Gran­der GT

Bent­ley’s sig­na­ture su­per coupe be­gins its world tour

Automobile - - New And Future Cars -

THE HULKING BENTAYGA SUV may be the sto­ried mar­que’s new hot­ness, but the 2019 Con­ti­nen­tal GT is Bent­ley’s mod­ern-era heart. The as­sem­bled of­fi­cials who spoke—and whom we spoke with—dur­ing our first taste of the car used words like “honor” and “crowning achieve­ment” to de­scribe how they felt about work­ing on the new gen­er­a­tion of Bent­ley su­per coupe. In­deed, the Conti GT was a phe­nom­e­non when it first hit the mar­ket back in 2003. It quickly be­came a gotta-have-it ma­chine for hiphop stars, Hol­ly­wood hot­shots, and the nou­veaux riches alike, with some 70,000 hav­ing been sold to date.

The third-gen­er­a­tion Con­ti­nen­tal GT finds its voice from the hand-built mas­ter­piece that is its

6.0-liter twin-turbo W-12 en­gine, which is rated at 626 hp and 664 lb-ft—num­bers that would have blown ev­ery­one away a decade ago but now seem al­most com­mon­place. There is noth­ing com­mon about this su­per coupe, how­ever. This is a mem­ber of the House of Lords—a proper Bri­tish mo­tor­car that does its tour­ing in grand style while nod­ding to Bent­ley’s past.

Dur­ing 200 miles or so of tak­ing on chal­leng­ing, foggy moun­tain passes, lol­ly­gag­ging through pic­ture-post­card moun­tain towns, blast­ing through tun­nels, and rolling deep across rain-slicked mo­tor­ways in Aus­tria and a tiny slice of north­ern Italy, we felt to­tally in con­trol of the Con­ti­nen­tal GT at all times.

There is no get­ting around the fact that this is still a big and heavy car at 4,947 pounds, but it is some 130 pounds lighter than be­fore and flat and con­fi­dent dur­ing hard cor­ner­ing. It’s also fe­ro­ciously fast, with 60 mph com­ing on in 3.6 sec­onds. And like the pre­vi­ous Con­ti­nen­tal GT, it joins the 200 Club, with a top speed of 207 mph.

The steer­ing wheel you’re turn­ing is a stitched-up, leather-clad unit, part of a cabin that many heifers gave up their hides to swathe. Bent­ley has ramped up its in­te­rior fit and fin­ish, claim­ing that more than 310,000 stitches are needed to cinch up all that leather. Wood ve­neer op­tions kick up the im­pres­sion of lux­ury and are a main cus­tomiza­tion touch point. An­other in­te­rior cue Bent­ley of­fi­cials are par­tic­u­larly proud of is the di­a­mond-in-di­a­mond stitch­ing pat­tern that re­port­edly took 18 months to per­fect.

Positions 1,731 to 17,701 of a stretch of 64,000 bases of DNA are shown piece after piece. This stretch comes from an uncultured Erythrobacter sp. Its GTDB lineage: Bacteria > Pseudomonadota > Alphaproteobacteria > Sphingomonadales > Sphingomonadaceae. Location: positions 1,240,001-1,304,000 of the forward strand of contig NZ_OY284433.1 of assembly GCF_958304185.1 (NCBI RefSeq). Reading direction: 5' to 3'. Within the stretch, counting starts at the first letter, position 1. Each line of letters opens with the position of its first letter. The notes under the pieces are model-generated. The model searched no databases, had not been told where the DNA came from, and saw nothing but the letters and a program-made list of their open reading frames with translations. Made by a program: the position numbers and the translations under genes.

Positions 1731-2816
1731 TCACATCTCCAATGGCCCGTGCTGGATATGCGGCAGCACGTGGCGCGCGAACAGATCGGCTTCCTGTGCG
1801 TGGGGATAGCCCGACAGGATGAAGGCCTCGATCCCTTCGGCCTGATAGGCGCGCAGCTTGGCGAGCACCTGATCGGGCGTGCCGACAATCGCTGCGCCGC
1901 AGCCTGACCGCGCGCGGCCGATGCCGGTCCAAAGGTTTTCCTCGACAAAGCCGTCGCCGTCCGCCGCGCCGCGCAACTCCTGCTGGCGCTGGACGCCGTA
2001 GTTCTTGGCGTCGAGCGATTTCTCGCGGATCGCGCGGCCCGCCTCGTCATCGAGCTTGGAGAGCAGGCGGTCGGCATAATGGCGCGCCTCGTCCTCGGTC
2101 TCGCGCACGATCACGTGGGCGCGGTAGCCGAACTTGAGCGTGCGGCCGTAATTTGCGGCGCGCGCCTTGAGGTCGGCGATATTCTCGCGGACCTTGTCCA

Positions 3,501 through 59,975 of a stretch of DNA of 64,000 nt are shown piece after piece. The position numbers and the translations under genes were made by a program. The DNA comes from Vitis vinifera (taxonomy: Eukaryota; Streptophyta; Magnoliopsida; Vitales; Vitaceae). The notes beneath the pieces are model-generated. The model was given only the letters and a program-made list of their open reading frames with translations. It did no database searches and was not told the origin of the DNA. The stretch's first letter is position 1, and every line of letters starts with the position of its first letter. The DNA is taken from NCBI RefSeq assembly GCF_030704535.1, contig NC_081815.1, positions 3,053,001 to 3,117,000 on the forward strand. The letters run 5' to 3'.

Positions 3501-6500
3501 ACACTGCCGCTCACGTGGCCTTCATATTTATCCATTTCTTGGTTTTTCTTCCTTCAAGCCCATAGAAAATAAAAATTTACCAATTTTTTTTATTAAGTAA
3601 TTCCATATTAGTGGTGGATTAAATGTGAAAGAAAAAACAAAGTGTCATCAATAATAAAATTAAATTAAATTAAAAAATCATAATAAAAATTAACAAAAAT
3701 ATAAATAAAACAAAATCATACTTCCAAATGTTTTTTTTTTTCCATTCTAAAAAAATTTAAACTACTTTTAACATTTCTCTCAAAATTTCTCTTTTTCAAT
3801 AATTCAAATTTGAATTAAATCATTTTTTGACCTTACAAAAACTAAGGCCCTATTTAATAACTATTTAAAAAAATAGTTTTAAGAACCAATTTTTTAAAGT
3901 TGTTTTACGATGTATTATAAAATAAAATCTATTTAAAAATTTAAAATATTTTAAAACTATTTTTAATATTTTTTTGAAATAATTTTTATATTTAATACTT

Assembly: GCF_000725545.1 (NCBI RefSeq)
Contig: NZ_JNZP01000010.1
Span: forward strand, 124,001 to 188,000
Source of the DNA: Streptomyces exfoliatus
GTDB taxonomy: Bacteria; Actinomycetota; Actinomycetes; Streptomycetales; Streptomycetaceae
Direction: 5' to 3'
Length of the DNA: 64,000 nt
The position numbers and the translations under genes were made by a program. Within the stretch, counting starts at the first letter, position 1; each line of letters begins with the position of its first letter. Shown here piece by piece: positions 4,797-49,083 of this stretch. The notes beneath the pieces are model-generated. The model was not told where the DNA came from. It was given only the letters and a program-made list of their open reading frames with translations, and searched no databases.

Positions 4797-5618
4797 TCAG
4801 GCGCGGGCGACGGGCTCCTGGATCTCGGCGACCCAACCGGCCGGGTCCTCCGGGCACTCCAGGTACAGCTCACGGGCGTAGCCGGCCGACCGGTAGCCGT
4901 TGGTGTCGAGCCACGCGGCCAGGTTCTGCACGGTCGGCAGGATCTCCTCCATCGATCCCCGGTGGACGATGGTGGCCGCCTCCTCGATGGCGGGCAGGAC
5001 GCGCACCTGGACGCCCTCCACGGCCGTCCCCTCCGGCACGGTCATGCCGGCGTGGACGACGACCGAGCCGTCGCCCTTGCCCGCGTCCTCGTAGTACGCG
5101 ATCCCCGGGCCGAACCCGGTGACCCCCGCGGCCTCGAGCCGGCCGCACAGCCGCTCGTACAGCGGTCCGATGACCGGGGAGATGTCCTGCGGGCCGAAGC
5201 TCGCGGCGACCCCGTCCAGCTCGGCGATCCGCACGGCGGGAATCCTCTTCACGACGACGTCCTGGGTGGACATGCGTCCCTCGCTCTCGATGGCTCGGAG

Prospec­tive U.S. cus­tomers are go­ing to have to wait al­most a year to get their hands on one at $214,600 to start, which is too bad. By the time that hap­pens, Bent­ley will have al­ready be­gun rolling out the in­evitable V-8, plug-in, and myr­iad high-per­for­mance vari­ants. There will be plenty of op­tions, to be sure, but from our first taste of it, the GT is wor­thy of praise.

As for what’s up­com­ing on the Bent­ley docket be­sides the GT—a new-gen­er­a­tion Fly­ing Spur sedan and a ru­mored “coupe” ver­sion of the Bentayga—the big ques­tion is what the Crewe crew’s next all­new model will be. Spec­u­la­tion cen­ters on ei­ther a com­pact-ish, Audi Q5-sized cross­over be­low the Bentayga (please, no) or an all-elec­tric of­fer­ing us­ing a ver­sion of the same VW Group J1 plat­form that will un­der­pin the Porsche Tay­can and the

Audi e-tron GT.

De­sign chief Stefan Sielaff has been on record as all but con­firm­ing that a four-seat

EV is com­ing, with the name Bar­nato be­ing tossed about. This move would make sense, as it would give Bent­ley its first all-elec­tric ve­hi­cle and al­low the mar­que to ex­plore a new look. The com­pany show­cased an EV con­vert­ible road­ster con­cept called the EXP 12 Speed

6e at the 2017 Geneva auto show, but our sources say the pro­duc­tion Bent­ley EV will be based on sis­ter-brand Porsche’s forth­com­ing Tay­can. AM

Newspapers in English

Newspapers from USA

© PressReader. All rights reserved.